Strategy and Sausages:
A British Strategic Planner in Germany
Sunday, 16 June 2013
Another (New) Marketing Manifesto
Manifestos became all the rage in marketing circles about fifteen years ago, I think. Suddenly it wasn't sufficient to have a plan or a strategy for your brand - a manifesto was needed. A manifesto has all the associations of action, of getting things done, of motivating, of not over-theorising and getting caught up in intellectual knots.
John Grant's excellent book, 'The New Marketing Manifesto' was launched in 1999. It caught a lot of the new spirit of marketing and is still valid today.
The Marketing Society in the UK have recently launched another (new) Marketing Manifesto which sets out how marketing generally can continue to contribute powerfully to society over the next decade.
I've had a look at it, and it makes a lot of sense, although I feel it could be bolder and more revolutionary still.
The new Manifesto defines the purpose of marketing: "To create sustainable growth by understanding, anticipating and satisfying customer needs."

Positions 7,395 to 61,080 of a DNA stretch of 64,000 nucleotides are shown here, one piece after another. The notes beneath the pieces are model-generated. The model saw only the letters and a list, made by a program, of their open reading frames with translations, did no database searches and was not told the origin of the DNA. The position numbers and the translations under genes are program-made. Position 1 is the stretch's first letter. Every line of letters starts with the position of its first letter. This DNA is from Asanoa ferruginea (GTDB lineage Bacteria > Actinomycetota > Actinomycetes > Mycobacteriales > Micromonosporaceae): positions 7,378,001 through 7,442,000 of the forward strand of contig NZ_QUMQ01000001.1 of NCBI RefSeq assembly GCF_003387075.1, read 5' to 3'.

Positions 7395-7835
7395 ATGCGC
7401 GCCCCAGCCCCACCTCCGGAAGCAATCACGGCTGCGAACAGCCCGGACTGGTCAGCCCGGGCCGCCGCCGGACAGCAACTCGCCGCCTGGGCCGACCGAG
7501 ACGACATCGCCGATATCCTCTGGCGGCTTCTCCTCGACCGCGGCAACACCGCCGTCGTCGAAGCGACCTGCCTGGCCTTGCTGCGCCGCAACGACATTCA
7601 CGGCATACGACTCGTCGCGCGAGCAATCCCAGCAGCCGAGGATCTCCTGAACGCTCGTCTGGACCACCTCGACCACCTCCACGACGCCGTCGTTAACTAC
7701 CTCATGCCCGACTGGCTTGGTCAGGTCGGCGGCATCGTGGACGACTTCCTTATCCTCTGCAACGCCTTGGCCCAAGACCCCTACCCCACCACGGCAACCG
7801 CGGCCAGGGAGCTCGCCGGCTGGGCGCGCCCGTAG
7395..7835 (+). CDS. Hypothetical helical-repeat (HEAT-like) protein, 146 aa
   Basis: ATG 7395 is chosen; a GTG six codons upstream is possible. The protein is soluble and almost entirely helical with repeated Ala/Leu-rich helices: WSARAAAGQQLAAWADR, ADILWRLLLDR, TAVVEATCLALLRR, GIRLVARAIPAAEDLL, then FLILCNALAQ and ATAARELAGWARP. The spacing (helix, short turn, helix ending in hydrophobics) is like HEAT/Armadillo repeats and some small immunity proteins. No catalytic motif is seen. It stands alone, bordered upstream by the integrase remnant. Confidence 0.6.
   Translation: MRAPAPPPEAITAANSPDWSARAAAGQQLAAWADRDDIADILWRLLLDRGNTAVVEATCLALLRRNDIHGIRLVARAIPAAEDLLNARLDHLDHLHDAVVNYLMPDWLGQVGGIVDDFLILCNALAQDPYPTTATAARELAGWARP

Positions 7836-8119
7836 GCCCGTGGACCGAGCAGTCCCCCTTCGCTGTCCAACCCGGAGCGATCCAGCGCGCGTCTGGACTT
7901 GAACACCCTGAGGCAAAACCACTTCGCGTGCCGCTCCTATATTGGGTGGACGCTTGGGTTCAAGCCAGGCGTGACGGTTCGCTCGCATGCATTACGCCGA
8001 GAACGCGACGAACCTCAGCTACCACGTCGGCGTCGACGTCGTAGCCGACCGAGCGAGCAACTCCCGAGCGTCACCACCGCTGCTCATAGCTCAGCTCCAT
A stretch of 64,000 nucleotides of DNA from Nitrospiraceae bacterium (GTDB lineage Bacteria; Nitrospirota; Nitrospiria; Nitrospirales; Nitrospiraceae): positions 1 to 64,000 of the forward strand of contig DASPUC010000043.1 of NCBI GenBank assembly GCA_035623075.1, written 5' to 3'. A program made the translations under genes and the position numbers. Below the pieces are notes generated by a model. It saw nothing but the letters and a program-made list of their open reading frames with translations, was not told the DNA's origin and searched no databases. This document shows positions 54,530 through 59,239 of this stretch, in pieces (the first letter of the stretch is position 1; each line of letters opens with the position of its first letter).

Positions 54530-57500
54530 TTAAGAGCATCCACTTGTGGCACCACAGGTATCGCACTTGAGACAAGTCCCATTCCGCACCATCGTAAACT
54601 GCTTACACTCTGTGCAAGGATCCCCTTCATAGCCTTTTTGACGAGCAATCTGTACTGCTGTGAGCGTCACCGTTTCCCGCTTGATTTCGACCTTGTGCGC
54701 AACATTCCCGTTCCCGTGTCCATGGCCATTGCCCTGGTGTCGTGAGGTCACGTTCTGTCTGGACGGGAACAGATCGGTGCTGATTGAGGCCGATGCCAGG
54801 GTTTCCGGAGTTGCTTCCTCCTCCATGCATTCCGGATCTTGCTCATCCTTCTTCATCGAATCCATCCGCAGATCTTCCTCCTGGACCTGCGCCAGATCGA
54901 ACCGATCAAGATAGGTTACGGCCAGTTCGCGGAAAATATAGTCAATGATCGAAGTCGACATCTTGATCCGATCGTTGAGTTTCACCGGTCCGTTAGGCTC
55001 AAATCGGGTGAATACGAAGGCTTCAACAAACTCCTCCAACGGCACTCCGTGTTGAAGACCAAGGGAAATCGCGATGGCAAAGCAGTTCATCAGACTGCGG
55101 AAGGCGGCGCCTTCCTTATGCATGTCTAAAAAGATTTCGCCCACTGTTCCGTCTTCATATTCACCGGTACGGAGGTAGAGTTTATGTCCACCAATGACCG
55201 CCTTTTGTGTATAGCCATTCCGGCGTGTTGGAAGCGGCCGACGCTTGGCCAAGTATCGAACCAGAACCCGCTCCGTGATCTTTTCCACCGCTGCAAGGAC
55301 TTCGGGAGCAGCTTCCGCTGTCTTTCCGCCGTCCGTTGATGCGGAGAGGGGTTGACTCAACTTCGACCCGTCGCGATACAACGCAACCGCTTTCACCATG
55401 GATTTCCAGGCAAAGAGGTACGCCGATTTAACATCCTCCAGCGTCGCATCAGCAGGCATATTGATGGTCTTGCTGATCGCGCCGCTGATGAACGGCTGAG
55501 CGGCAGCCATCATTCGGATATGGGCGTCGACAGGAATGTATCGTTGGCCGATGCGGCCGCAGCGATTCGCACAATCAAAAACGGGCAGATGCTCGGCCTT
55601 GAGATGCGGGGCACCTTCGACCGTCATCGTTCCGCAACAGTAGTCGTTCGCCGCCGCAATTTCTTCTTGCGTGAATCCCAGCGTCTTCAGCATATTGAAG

I like the move away from (just) profit. But I wonder - is the term "sustainable growth" a bit of a weasel? It implies a lot, but what does it really mean? And - is growth assumed to be measured in terms of sales value? Or some other kind of growth?
I'm happy to see that the word "consumer" doesn't feature. But is "customer" so much better? And "needs"? Are dreams and desires part of that?
The Manifesto sets out three challenges:
Pursue your Purpose
- define your organisation's purpose
- make sustainable growth your central aim
- leave a positive legacy
- anticipate customer needs
- shape the customer experience
- find creative ways to engage
Mobilise the Organisation
- collaborate with your peers
- bring the voice of the customer into the boardroom
- quantify the cost and value of your work
It's good, as far as it goes, but I do wonder if it's a bit "business as usual."
Maybe the problem is that Manifestos themselves have become a little old hat. They've lost their power.
When I was little, I wanted to be a spy. I got off to a good start, studying Psychology at Trinity College, Cambridge but somehow got side-tracked into the wonderful world of advertising and marketing.
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